unlikely that the computational resources required to deri ve the com-piled form could be balanced, by considering sufciently instances of the computational problem under consideration, with the same xed part and different varying parts . Fortunately, the assumption that some pieces of information are not very often subject to change is valid in many scenarios (e.g. in a diagnostic setting, it is reason-able to assume that the system description does not often change, or at least varies less frequently than the sets of observation s to be con-sidered). Deriving more accurate answers to the fundamenta l evalu-ation question requires to make precise what “less intracta ble” and “reasonable” mean. Basically, deciding whether KC achieves its goal of computation-ally improving a given query or transformation depends on wh ether the task is considered at the problem level or at the instance level . At the problem level, “less intractable” just means that some sources of intractability have been removed via the compilation pha se (for decision problems, assuming that the xed part of any instance be-longs to the target language for KC under consideration leads to a restriction of the problem, which is at a lower level of the po lyno-mial hierarchy than the unrestricted problem). In many case s, “less intractable” means tractable, i.e., solvable in (deterministic) polyno-mial time. “Reasonable” means that the size of the compiled form of the xed part is guaranteed to be polynomial in the size of the xed part. This is a mandatory requirement for avoiding an unbi-ased evaluation: consider an NP -hard problem for which the most efcient resolution algorithm one knowns runs in O (2 n ) time in the worst case (where n is the input size); assume that there exists a second resolution algorithm for the same problem running in O ( n ) time in the worst case, provided that the input has been compi led rst: would it be reasonable to say that the source of intractability has been removed via compilation and that KC is successful here? Well, certainly not if the size of the compiled form is expone ntial in the size of the instance considered at start! In such a case, the sec-ond algorithm will run on an input exponentially larger than the rst one, so that its running time may easily exceed the running ti me of the rst algorithm on the original instance. Furthermore, the overall algorithm obtained here following the “compiled approach”(i.e., the sequential combination of the compilation algorithm used t o gener-ate the compiled form followed by the second algorithm descr ibed above) requires exponential space to work (since the compil ed form has to be stored), while this is not necessarily the case for t he rst algorithm, corresponding to a “direct, uncompiled” approach to the resolution of the same problem. Now, at the instance level, one does not focus on worst-case com-putations on arbitrarily large instances of the problem und er consid-eration but on a given set of instances , where some instances share the same xed part. One typically computes some statistics about the time needed to solve all the instances sharing the same xed part (for each such xed part), assuming that the xed part has been compiled or without such an assumption (i.e., following a “direct, un compiled” approach), and we compare them. For instance, if one conside rs the problem of generating a consistency-based diagnosis for a s ystem, one starts with a set of instances, where for the same system d escrip-tion (the xed part), one encounters several sets of observations (the varying part). Then we compile the system descriptions and f or each system description, we measure the runtimes needed to compu te a consistency-based diagnosis for each instance sharing the system de-scription under consideration. We do the same but consideri ng the system descriptions provided at start (i.e., the “uncompil ed ones”). For each system description such that the overall runtime re quired for solving all the associated instances assuming that the system descrip-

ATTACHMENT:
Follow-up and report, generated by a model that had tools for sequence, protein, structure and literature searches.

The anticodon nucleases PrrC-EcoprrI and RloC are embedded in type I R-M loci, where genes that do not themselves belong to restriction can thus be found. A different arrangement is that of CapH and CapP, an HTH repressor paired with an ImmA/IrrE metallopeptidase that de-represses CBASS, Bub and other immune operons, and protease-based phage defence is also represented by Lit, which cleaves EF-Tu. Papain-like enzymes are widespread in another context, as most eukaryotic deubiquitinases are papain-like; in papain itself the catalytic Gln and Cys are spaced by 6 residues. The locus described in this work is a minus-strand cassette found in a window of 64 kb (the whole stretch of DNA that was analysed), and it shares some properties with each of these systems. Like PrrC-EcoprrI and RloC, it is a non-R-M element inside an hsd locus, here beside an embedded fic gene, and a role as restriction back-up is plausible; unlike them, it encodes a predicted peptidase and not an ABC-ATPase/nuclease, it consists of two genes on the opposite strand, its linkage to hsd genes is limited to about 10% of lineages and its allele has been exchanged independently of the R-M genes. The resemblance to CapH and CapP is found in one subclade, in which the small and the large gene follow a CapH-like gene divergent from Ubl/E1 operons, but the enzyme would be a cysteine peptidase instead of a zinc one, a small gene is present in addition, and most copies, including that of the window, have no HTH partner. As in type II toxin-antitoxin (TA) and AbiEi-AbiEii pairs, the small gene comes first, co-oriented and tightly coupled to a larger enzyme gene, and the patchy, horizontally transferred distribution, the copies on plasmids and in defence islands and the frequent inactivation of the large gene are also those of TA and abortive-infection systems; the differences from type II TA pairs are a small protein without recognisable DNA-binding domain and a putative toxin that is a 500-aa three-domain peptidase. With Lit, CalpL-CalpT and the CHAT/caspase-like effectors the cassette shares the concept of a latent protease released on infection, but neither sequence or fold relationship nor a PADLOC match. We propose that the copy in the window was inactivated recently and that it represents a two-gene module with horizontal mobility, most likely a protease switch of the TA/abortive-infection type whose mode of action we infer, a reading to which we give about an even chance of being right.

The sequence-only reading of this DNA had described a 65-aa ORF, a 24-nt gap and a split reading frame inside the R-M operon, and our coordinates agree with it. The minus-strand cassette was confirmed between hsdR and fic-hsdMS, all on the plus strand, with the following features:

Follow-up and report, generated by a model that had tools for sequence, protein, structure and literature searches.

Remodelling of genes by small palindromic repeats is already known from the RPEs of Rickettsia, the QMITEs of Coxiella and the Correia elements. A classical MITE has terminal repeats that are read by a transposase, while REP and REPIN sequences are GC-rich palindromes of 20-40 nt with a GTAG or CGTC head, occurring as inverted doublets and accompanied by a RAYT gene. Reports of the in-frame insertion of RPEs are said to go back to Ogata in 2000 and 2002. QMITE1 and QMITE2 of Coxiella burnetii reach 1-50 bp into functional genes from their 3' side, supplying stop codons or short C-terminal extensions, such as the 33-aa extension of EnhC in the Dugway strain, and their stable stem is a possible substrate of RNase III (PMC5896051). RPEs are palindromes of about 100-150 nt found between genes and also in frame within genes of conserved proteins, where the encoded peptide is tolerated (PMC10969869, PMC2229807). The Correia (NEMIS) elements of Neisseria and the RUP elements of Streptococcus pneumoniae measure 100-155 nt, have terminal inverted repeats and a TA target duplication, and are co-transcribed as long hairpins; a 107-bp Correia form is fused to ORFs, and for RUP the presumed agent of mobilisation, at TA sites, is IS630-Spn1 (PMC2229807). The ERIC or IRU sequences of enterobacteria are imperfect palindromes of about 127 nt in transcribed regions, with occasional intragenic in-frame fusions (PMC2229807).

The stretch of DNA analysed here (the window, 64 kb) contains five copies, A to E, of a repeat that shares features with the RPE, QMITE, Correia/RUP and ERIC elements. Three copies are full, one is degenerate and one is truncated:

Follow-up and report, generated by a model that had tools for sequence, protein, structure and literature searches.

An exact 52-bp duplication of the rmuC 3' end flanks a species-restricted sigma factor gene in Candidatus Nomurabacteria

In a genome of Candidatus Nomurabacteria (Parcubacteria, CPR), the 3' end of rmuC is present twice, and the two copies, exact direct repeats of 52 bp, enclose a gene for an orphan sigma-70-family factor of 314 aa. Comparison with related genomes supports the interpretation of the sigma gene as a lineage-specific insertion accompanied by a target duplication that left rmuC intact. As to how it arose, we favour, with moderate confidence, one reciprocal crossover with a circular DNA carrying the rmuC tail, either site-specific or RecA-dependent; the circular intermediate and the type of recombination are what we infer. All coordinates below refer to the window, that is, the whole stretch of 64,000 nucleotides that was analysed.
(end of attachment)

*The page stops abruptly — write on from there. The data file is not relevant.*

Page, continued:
tion has been compiled is lower than the overall runtime requ ired for solving all the associated instances without this assumption, we have some evidence that KC proved useful (at least in the limit). In order to get a more complete assessment, one can also compute for ea ch xed part a number of instances from which the compilation time is balanced. 2 As usual when dealing with complexity considerations, the two evaluation levels have their pros and their cons and are actu ally com-plementary ones. On the one hand, the evaluation at the probl em level can prove too coarse-grained to get an accurate view of the im prove-ments offered by KC for a given application. Indeed, an application corresponds to a specic instance of a problem (or to a nite set of such instances), but not to the problem itself (where the f ocus is laid on the worst case and arbitrarily large instances are co nsidered). Thus, it can be the case that KC proves useful in practice for solv-ing some instances of interest of a problem, even if it does not make the problem itself “less intractable” or if it does not ensure that the size of the compiled form of a xed part is polynomial in the size of the xed part. On the other hand, performing an evaluation of a KC technique at the instance level is more informationally dem anding: one needs a signicant set of instances, one also needs a “baseline algorithm” corresponding to a “direct, uncompiled” approcah to the problem. It is usually difcult to reach a consensus on what “signi-cant” and “baseline” mean here. Much work achieved so far within KC is concerned with (classi-cal) propositional logic . This can be explained by the fact that while being one of the simplest logic one may consider (and as such, em-bedded in many more sophisticated logics), it proves sufciently ex-pressive for a number of AI problems like the diagnostic one, as con-sidered above; furthermore, while decidable, proposition al reasoning is intractable; thus, the inference problem (i.e., the enta ilment one) is coNP -complete, the consistency one is NP -complete, the forgetting problem is NP -hard. Accordingly, propositional reasoning is a good candidate for KC: some computational improvements would be wel-come! In these notes, I review a number of previous works on KC de-scribed so far in the literature. Those works can be classied accord-ing to the main issue they consider: How to compile propositional formulas in order to improve clausal entailment? How to evaluate from a theoretical point of view whether KC can prove useful? How to choose a target language for the KC purpose? What about KC for other forms of propositional inference ? Each of the following sections is centered on one of those is-sues, except the next section where some formal preliminari es about propositional languages are provided, and the (short) nal conclud-ing section. For space reasons, I assume that the reader has s ome background about computational complexity, especially the classes P , NP , coNP , Θ p Δ 2 p , Π 2 p and more generally all the classes of the 2 , polynomial hierarchy PH (see e.g. [69] for a presentation of those complexity classes). Please note that the main objective of this docu-ment is to serve as a support for the corresponding tutorial; if a num-ber of previous approaches are reviewed in it (and the corres ponding 2 That a problem is NP -hard does not say anything about the greatest integer n such that all the instances of size n of the problem can be solved within a “reasonable” amount of time, say less than 600s (observe also that making this statement more robust would require a denition of the underlyingcomputationalmodel–inpractice,ofthecomputerusedforthe experiments).